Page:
Publications by authors named "Christian Keitel"

20 Publications

  • Page 1 of 1

Rapid processing of neutral and angry expressions within ongoing facial stimulus streams: Is it all about isolated facial features?

PLoS One 2020 24;15(4):e0231982. Epub 2020 Apr 24.

Institut für Psychologie, Universität Leipzig, Leipzig, Germany.

Our visual system extracts the emotional meaning of human facial expressions rapidly and automatically. Novel paradigms using fast periodic stimulations have provided insights into the electrophysiological processes underlying emotional content extraction: the regular occurrence of specific identities and/or emotional expressions alone can drive diagnostic brain responses. Consistent with a processing advantage for social cues of threat, we expected angry facial expressions to drive larger responses than neutral expressions. In a series of four EEG experiments, we studied the potential boundary conditions of such an effect: (i) we piloted emotional cue extraction using 9 facial identities and a fast presentation rate of 15 Hz (N = 16); (ii) we reduced the facial identities from 9 to 2, to assess whether (low or high) variability across emotional expressions would modulate brain responses (N = 16); (iii) we slowed the presentation rate from 15 Hz to 6 Hz (N = 31), the optimal presentation rate for facial feature extraction; (iv) we tested whether passive viewing instead of a concurrent task at fixation would play a role (N = 30). We consistently observed neural responses reflecting the rate of regularly presented emotional expressions (5 Hz and 2 Hz at presentation rates of 15 Hz and 6 Hz, respectively). Intriguingly, neutral expressions consistently produced stronger responses than angry expressions, contrary to the predicted processing advantage for threat-related stimuli. Our findings highlight the influence of physical differences across facial identities and emotional expressions.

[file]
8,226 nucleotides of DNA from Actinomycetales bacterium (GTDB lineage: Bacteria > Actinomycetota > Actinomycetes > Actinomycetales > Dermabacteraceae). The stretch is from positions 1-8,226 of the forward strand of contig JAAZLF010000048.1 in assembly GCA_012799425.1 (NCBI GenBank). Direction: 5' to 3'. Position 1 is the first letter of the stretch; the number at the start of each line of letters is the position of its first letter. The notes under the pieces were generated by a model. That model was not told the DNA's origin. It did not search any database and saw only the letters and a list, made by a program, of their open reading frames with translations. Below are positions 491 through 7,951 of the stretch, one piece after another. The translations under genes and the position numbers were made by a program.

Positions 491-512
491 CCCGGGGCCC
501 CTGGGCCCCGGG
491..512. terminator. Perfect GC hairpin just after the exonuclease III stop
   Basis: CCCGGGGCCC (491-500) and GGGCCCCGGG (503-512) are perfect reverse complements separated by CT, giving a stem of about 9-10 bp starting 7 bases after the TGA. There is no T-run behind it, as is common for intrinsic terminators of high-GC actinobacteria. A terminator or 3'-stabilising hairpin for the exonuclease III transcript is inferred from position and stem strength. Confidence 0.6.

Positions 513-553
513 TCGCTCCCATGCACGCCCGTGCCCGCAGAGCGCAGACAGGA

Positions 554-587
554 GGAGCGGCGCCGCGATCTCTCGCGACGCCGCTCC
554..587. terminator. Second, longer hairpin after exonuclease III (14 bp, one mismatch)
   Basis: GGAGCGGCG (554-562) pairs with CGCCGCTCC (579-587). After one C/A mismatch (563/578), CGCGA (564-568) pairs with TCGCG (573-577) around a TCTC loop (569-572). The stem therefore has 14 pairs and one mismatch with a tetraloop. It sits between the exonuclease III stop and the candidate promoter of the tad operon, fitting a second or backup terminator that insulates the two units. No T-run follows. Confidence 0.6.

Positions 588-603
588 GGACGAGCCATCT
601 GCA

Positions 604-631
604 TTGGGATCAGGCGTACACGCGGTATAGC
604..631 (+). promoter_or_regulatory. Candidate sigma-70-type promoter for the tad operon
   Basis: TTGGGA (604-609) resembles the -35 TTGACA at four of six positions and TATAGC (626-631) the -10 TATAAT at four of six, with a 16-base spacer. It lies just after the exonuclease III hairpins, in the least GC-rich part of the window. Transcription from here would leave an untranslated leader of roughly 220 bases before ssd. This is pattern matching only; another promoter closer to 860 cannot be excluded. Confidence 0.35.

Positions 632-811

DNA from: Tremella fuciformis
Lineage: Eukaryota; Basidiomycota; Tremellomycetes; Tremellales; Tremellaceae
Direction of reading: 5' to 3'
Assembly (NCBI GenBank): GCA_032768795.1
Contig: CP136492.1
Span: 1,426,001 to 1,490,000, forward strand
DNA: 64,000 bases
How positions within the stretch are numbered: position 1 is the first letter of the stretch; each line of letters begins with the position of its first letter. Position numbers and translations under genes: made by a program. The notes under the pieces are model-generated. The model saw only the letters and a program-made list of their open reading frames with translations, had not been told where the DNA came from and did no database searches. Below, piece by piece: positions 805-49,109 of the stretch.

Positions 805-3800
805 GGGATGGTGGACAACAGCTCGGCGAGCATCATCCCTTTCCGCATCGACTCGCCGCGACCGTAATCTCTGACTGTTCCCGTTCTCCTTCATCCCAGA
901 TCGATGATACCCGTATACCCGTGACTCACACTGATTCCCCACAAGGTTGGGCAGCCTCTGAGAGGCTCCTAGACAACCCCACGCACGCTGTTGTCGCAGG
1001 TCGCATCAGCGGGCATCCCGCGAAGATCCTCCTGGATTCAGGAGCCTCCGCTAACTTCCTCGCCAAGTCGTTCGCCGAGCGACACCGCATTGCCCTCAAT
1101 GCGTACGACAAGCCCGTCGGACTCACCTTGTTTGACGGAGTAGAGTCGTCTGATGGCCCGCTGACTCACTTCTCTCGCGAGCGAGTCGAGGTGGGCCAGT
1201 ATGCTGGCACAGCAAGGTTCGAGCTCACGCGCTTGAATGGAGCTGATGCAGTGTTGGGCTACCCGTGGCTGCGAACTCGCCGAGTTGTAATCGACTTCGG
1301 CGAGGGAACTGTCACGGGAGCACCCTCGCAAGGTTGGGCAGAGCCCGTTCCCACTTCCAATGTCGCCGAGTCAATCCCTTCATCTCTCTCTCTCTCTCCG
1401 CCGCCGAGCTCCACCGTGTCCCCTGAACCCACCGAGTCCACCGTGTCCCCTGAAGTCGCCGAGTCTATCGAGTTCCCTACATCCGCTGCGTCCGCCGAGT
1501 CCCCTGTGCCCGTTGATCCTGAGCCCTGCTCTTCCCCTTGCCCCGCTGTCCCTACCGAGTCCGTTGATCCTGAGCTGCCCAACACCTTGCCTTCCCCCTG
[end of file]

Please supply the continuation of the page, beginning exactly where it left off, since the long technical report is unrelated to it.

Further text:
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http://journals.plos.org/plosone/article?id=10.1371/journal.pone.0231982PLOS
http://www.ncbi.nlm.nih.gov/pmc/articles/PMC7182236PMC
July 2020

Spatial attention enhances cortical tracking of quasi-rhythmic visual stimuli.

Neuroimage 2020 03 7;208:116444. Epub 2019 Dec 7.

Centre for Mind/Brain Sciences, University of Trento, via delle Regole 101, 38123, Trento, Italy. Electronic address:

Successfully interpreting and navigating our natural visual environment requires us to track its dynamics constantly. Additionally, we focus our attention on behaviorally relevant stimuli to enhance their neural processing. Little is known, however, about how sustained attention affects the ongoing tracking of stimuli with rich natural temporal dynamics. Here, we used MRI-informed source reconstructions of magnetoencephalography (MEG) data to map to what extent various cortical areas track concurrent continuous quasi-rhythmic visual stimulation. Further, we tested how top-down visuo-spatial attention influences this tracking process. Our bilaterally presented quasi-rhythmic stimuli covered a dynamic range of 4-20 ​Hz, subdivided into three distinct bands. As an experimental control, we also included strictly rhythmic stimulation (10 vs 12 ​Hz). Using a spectral measure of brain-stimulus coupling, we were able to track the neural processing of left vs. right stimuli independently, even while fluctuating within the same frequency range. The fidelity of neural tracking depended on the stimulation frequencies, decreasing for higher frequency bands. Both attended and non-attended stimuli were tracked beyond early visual cortices, in ventral and dorsal streams depending on the stimulus frequency. In general, tracking improved with the deployment of visuo-spatial attention to the stimulus location. Our results provide new insights into how human visual cortices process concurrent dynamic stimuli and provide a potential mechanism - namely increasing the temporal precision of tracking - for boosting the neural representation of attended input.